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Title: Examining the effect of Positive Psychology Interventions to improve psychological wellbeing, workplace motivation and re-employment prospects in North Wales
Author: Isherwood, Kate
ISNI:       0000 0004 8501 5710
Awarding Body: Bangor University
Current Institution: Bangor University
Date of Award: 2019
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The burden of mental health disorders is burgeoning and are a public health priority. These mental health disorders are characterised by one or more of: (1) abnormal thoughts, (2) maladaptive emotion regulation, (3) behavioural dysregulation and (4) strained relationships with others. Currently, to treat the psychosocial and behavioural problems associated with a mental health disorder, individuals are either prescribed psychotropic medication or transferred into psychotherapeutic treatment. However, demand continues to exceed available resources for psychotherapy and psychotropic medications come alongside a plethora of negative side effects which do not treat the root cause of the disorder. This presents a need to reorient focus towards the development of evidence-based early-intervention strategies to equip individuals to appropriately deal with adversity. The global burden of mental health disorders also presents a significant problem in the workplace, where individuals often work whilst struggling. This is referred to as presenteeism, which harms workplace productivity and increases the number of sick days required by employees each year. However, the negative stigma associated with the disclosure of a mental health disorder to an employer remains a significant barrier to individuals seeking treatment. Stable employment is also classified as a wider determinant of health and wellbeing, with long-term unemployment being associated with a plethora of psychological ill-effects. Importantly, effects endure long-term and have permanent detrimental effects on life satisfaction. Also, the longer an individual is unemployed, the more complex their situation becomes, decreasing the likelihood of re-employment. Both of these come at significant economic cost to the UK Government, presenting a need to focus study on these populations. Increasingly, public health initiatives place an emphasis on early-intervention approaches and the development of such interventions has captured public interest. Positive Psychology is one such approach. Specifically focusing on the development of light-touch evidence-based approaches to improve the wellbeing of the population. Positive Psychology Interventions (PPIs) have previously shown efficacy in the workplace and the unemployed. One example of a PPI is a reflective journaling intervention, where individuals document their experiences over the course of a week. Previously, both positive and negative written emotional disclosure have demonstrated effectiveness when aiming to improve wellbeing. One of the inaugural findings in the reflective journaling literature is the '3 Good Things' intervention, which has demonstrated endured effects on wellbeing and depressive symptomology, in a large population sample. Alongside a company sponsor (Rhyl City Strategy; see section 1.1), the primary aim of this body of work was to use reflective practice to improve intrinsic motivation, wellbeing and resilience in the long-term unemployed and employees. All diaries were first piloted in Higher Education Students before the successful interventions were implemented into an employed population. Specifically, Chapter 2, (Study 1) focused on reflection of basic psychological need satisfaction to improve intrinsic motivation and wellbeing. Chapter 3, (Study 2a) emphasised daily anxiety provoking events to improve resilience; Study 2b then reframed these anxieties into excitement. Study 2c then implemented the successful Excitement Diary into a small cohort of employees. Chapter 4, (Study 3) aimed to disentangle the mechanisms of the previously successful '3 Good Things' diary and implement a novel Locus of Control (LOC) diary simultaneously. Finally, Chapter 5 (Study 4) established the effectiveness of a multicomponent 6-week PPI (BOOST!) in a population of long-term unemployed individuals who resided in four counties in North Wales. Chapter 6 discusses the practical implications of research, alongside its strengths and limitations.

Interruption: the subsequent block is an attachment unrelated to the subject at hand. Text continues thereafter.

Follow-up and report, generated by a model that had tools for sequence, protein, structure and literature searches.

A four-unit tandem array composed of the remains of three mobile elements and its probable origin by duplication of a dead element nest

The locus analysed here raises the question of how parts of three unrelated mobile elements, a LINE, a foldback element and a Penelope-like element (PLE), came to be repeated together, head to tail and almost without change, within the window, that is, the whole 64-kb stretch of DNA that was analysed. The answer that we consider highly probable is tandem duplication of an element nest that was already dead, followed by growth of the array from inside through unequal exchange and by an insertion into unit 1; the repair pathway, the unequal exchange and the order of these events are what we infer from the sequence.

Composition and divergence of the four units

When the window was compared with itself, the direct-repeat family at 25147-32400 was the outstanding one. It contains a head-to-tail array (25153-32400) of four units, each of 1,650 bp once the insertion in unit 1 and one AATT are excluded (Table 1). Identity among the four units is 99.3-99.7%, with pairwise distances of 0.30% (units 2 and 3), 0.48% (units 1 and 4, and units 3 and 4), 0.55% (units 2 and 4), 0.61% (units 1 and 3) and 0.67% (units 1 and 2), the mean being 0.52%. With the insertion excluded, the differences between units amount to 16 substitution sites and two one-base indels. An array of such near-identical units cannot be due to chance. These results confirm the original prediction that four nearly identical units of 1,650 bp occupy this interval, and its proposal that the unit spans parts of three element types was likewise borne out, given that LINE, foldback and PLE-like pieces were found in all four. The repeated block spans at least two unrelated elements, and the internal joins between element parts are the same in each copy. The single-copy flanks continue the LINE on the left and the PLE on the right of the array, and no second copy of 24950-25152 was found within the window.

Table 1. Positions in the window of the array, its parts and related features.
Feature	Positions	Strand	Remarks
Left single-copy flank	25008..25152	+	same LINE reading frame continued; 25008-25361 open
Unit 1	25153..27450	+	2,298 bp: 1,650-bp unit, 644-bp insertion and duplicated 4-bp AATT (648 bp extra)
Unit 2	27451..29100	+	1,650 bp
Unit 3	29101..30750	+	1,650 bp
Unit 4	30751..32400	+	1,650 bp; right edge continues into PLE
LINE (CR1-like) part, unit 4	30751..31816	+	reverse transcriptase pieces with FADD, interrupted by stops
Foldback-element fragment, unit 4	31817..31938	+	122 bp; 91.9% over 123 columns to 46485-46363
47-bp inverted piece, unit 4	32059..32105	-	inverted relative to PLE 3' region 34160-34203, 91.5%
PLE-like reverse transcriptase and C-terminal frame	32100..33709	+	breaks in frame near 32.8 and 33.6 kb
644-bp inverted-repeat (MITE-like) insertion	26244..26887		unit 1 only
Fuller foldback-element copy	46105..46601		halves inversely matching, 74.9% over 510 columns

Supervisor: Parkinson, John Sponsor: Not available
Qualification Name: Thesis (Ph.D.) Qualification Level: Doctoral
EThOS ID:  DOI: Not available
Keywords: Intrinsic Motivation ; Psychological wellbeing ; Positive Psychology ; Re-employment